For a British buzz band, 2008 was a weird time to leap across the pond. The early part of the decade had been dominated to a large degree by UK imports praised to no end by America's often criminally hyperbolized music press. From the steely anthemics of Interpol to the jagged, jaunty art-rock of Franz Ferdinand, from the mopey but energy-rich stylings of Bloc Party to the driving, nonchalant approach preferred by The Futureheads, America's music consumers were charmed by a small armada of acts which often allowed their stylized sense of propulsion to outweigh their emotional impact.
Foals, a Brit band from Oxford, arrived with similar stylistic markers and dropped their debut, Antidotes, in 2008, just as American critics and — to a certain extent — listeners began to tire of dapper Europeans peddling immaculate rock records. Five years later, the band seems ill-suited to such comparisons. Holy Fire — Foals' intense and impressive third LP — sets distorted fire to the band's keenly kinetic style. The album indulges in mind-bending soundscapes cut from the same pattern as Radiohead's more recent offerings and towering hooks which approximate U2's theatrical grandeur. It's an imposing display of talent and savvy which few music fans would have expected back in 2008, and one that people can witness live at the Neighborhood Theatre on May 1.
"It's so relentlessly clean-sounding," noted Dusted Magazine's Charlie Wilmoth in his review of Antidotes, amid allusions to "a slightly weirder Bloc Party" and "a Franz Ferdinand B-side" and the assertion that Yannis Philippakis' intentionally vague lyrics don't end up meaning much of anything. "More than anything else, Antidotes is about the considerable amount of time it must have taken to make it; its eccentricities have mostly been scrubbed away."
From its opening "Interlude," Holy Fire makes it hard to believe such criticism was ever warranted. With its post-rock prickles hitched to a raunchy, stadium-sized riff which crunches with slacker-inspired distortion, "Interlude" is all about eccentricities. And there's nothing clean about "Inhaler," which twists its purposeful, afrobeat-leaning guitars and dominant bass lines with ever-escalating fuzz until it explodes into a colorfully distorted hook which would have felt right at home on U2's Zooropa. Holy Fire is a powerful — and somewhat uneven — slab of mainstream rock which never lets accessibility get in the way of its ambition, nor any cleverness strip away its emotional resonance.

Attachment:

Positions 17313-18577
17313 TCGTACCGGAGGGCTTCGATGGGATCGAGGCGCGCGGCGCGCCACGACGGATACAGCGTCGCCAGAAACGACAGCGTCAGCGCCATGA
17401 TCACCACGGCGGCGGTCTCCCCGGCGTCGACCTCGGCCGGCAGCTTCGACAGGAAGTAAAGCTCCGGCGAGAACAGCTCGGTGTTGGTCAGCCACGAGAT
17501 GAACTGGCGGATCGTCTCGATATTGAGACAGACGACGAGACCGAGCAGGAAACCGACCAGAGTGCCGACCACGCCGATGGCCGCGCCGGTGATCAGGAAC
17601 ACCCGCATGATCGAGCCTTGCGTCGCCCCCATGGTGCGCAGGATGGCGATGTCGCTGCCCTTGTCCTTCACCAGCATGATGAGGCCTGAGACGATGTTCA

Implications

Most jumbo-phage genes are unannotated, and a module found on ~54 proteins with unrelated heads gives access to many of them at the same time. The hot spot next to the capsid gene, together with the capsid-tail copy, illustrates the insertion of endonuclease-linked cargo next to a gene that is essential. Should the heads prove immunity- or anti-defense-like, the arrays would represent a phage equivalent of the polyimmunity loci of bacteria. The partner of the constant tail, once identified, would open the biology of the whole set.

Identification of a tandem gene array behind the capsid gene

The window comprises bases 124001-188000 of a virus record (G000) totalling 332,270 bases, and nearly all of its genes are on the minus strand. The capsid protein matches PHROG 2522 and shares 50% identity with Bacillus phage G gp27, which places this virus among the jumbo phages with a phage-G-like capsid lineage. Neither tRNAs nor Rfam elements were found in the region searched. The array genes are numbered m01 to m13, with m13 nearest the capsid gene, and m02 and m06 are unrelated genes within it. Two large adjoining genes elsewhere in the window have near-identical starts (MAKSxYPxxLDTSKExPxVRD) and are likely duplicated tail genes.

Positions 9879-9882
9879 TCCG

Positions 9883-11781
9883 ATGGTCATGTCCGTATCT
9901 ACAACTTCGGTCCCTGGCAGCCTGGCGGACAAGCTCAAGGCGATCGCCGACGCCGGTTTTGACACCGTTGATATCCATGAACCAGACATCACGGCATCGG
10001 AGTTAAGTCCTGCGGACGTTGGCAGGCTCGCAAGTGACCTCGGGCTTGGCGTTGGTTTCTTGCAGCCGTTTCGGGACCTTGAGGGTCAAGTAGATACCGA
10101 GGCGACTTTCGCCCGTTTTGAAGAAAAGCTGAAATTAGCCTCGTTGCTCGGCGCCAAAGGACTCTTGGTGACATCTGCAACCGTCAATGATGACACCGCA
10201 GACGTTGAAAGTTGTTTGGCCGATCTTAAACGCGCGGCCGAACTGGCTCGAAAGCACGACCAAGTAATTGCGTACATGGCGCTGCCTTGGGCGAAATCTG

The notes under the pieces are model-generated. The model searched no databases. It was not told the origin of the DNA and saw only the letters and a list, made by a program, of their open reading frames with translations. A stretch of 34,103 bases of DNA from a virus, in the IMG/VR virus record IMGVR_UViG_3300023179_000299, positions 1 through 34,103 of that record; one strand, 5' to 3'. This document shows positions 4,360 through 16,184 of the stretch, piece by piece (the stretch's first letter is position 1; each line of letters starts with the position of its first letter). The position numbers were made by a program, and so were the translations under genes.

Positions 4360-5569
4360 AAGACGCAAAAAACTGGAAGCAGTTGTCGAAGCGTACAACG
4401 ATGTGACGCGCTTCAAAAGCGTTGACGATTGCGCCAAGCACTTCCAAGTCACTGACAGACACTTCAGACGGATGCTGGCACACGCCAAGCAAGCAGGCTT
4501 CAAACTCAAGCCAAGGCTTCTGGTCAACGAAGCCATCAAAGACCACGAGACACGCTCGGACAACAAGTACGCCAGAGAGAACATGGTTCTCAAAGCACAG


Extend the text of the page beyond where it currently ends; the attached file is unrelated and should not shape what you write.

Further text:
Foals guitarist Jimmy Smith is proud of Holy Fire and the strides he and his bandmates have made, but he's also quick to refute the idea that the passion and diversity which define it weren't present at the group's outset.
"That's total bollocks," he says, his accent made thicker by bristling disdain. "That's like seven, six years ago, and we were doing it with passion back then as well. We were a lot younger, and those were the first songs we wrote. But we never ever saw ourselves as a style band. We saw ourselves as the same band that we see ourselves as now, really, just the sound was a bit younger. Different influences back then maybe. But I'd happily disagree with someone who says that it was a style thing back then or not as important and passionate as it is now. It's the same band."